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Animals are not ours to eat, wear, experiment on, use for entertainment, or abuse in any other way.

An Open Door for Animals in Need

Written by PETA | February 3, 2011

The economic downturn has taken its toll on nearly everyone, and animals are no exception.

Animal shelters across the country are overflowing with record numbers of cats and dogs—many of whom were surrendered by people who lost their homes or could no longer afford to care for their animal companions after being laid off.

With so many animals in need of refuge, now is a terrible time for an alarming number of animal shelters to arbitrarily implement limited-admission, “no-kill” policies. These policies put animals in danger because they prompt shelters to turn animals away or they make it expensive and difficult for people who can no longer care for their animal companions to surrender them to a shelter.

The only effective way to deal with the companion animal overpopulation crisis is through aggressively pursuing laws and policies requiring people to have their animals spayed or neutered and making it easier for them to do so. When shelters refuse to take in animals—and communities fail to address the underlying causes of the problem—animals pay the price.

Under pressure from people with good intentions but no clue of the ugly reality of overpopulation—nor of the sheer number of animals who flood shelters every day—some facilities are stooping to all-time lows to manipulate their euthanasia rates. Many adopt policies and practices that endanger the very animals they should be protecting. These include charging fees for surrendering unwanted animals (sometimes outrageous fees, such as $96 for feral or stray cat “turn-ins” in Maricopa County, Arizona); requiring citizens who can’t care for their animals to make appointments and “wait until there is room”; refusing to accept feral or stray cats, even when people might resort to doing them harm; refusing to accept animals from outside the invisible boundaries of a certain town or area; and giving away animals free of charge and without adequately screening adopters.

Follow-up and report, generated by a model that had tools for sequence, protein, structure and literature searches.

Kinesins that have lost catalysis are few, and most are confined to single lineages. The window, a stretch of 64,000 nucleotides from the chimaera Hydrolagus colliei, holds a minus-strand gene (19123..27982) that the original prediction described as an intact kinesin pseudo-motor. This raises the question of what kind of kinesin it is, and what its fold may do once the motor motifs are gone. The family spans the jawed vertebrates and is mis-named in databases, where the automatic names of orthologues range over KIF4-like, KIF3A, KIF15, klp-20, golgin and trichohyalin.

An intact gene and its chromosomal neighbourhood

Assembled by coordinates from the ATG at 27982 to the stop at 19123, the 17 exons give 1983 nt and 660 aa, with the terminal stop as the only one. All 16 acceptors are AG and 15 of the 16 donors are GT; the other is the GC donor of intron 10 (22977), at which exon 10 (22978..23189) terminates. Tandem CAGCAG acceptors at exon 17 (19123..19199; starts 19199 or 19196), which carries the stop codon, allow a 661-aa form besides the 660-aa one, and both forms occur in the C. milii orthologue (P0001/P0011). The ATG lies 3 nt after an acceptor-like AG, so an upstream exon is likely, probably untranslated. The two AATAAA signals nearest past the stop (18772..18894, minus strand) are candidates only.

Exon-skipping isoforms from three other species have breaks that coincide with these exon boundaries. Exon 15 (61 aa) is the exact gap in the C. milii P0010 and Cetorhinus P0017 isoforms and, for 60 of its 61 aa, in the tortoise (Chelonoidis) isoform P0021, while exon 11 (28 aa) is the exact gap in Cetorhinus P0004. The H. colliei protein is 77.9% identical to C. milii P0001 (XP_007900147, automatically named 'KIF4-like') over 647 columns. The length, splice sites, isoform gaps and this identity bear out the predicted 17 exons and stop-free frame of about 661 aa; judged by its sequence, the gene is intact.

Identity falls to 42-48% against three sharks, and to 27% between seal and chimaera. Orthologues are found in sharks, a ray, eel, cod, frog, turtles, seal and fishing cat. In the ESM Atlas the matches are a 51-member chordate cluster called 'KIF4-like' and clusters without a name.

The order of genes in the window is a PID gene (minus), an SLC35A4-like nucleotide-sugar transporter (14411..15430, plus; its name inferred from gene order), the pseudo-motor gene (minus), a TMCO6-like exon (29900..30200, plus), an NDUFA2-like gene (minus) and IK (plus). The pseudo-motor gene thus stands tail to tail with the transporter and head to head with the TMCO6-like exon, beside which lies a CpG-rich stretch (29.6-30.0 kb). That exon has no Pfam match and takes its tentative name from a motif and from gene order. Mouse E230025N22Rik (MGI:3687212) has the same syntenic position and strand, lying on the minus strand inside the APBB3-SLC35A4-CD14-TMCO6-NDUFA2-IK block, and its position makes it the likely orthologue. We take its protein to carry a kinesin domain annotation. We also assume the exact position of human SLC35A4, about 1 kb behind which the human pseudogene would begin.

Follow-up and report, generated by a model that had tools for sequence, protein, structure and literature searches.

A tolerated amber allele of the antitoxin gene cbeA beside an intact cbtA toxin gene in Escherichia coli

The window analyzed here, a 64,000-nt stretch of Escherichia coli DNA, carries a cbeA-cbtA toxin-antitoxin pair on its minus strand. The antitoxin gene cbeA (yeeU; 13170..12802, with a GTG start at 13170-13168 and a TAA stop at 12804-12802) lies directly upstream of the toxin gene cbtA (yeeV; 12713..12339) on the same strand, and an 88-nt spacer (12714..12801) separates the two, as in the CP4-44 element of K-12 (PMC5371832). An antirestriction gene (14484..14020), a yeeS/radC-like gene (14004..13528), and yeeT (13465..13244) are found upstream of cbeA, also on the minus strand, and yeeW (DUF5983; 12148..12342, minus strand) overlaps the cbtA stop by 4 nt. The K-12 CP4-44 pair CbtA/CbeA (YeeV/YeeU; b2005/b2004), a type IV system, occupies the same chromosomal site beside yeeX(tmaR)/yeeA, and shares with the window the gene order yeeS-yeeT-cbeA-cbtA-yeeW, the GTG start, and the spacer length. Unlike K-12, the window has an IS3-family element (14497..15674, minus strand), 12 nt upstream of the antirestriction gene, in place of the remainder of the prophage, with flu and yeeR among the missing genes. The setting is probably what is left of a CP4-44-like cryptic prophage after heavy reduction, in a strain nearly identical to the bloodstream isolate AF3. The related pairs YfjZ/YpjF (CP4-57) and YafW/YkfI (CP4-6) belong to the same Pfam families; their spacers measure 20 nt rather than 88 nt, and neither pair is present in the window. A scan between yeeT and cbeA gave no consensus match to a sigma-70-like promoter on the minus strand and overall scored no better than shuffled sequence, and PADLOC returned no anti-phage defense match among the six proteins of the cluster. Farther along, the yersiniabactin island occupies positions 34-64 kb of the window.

Here are just a few heart-wrenching news stories about the ways in which no-kill shelters and policies harmed animals in 2010:

  • Renters in Rhode Island left animals behind in an empty apartment, and shelters still would not take the animals.
  • In New York, cats died in a box after being left outside a shelter that had a waiting list to surrender animals.
  • One shelter in Pennsylvania decided to stop responding to cruelty complaints because there is no room at the shelter and they don’t want to euthanize animals.
  • Kittens were dumped on the road in British Columbia with a note saying, “We are really sorry. We cannot afford the SPCA surrender fee.”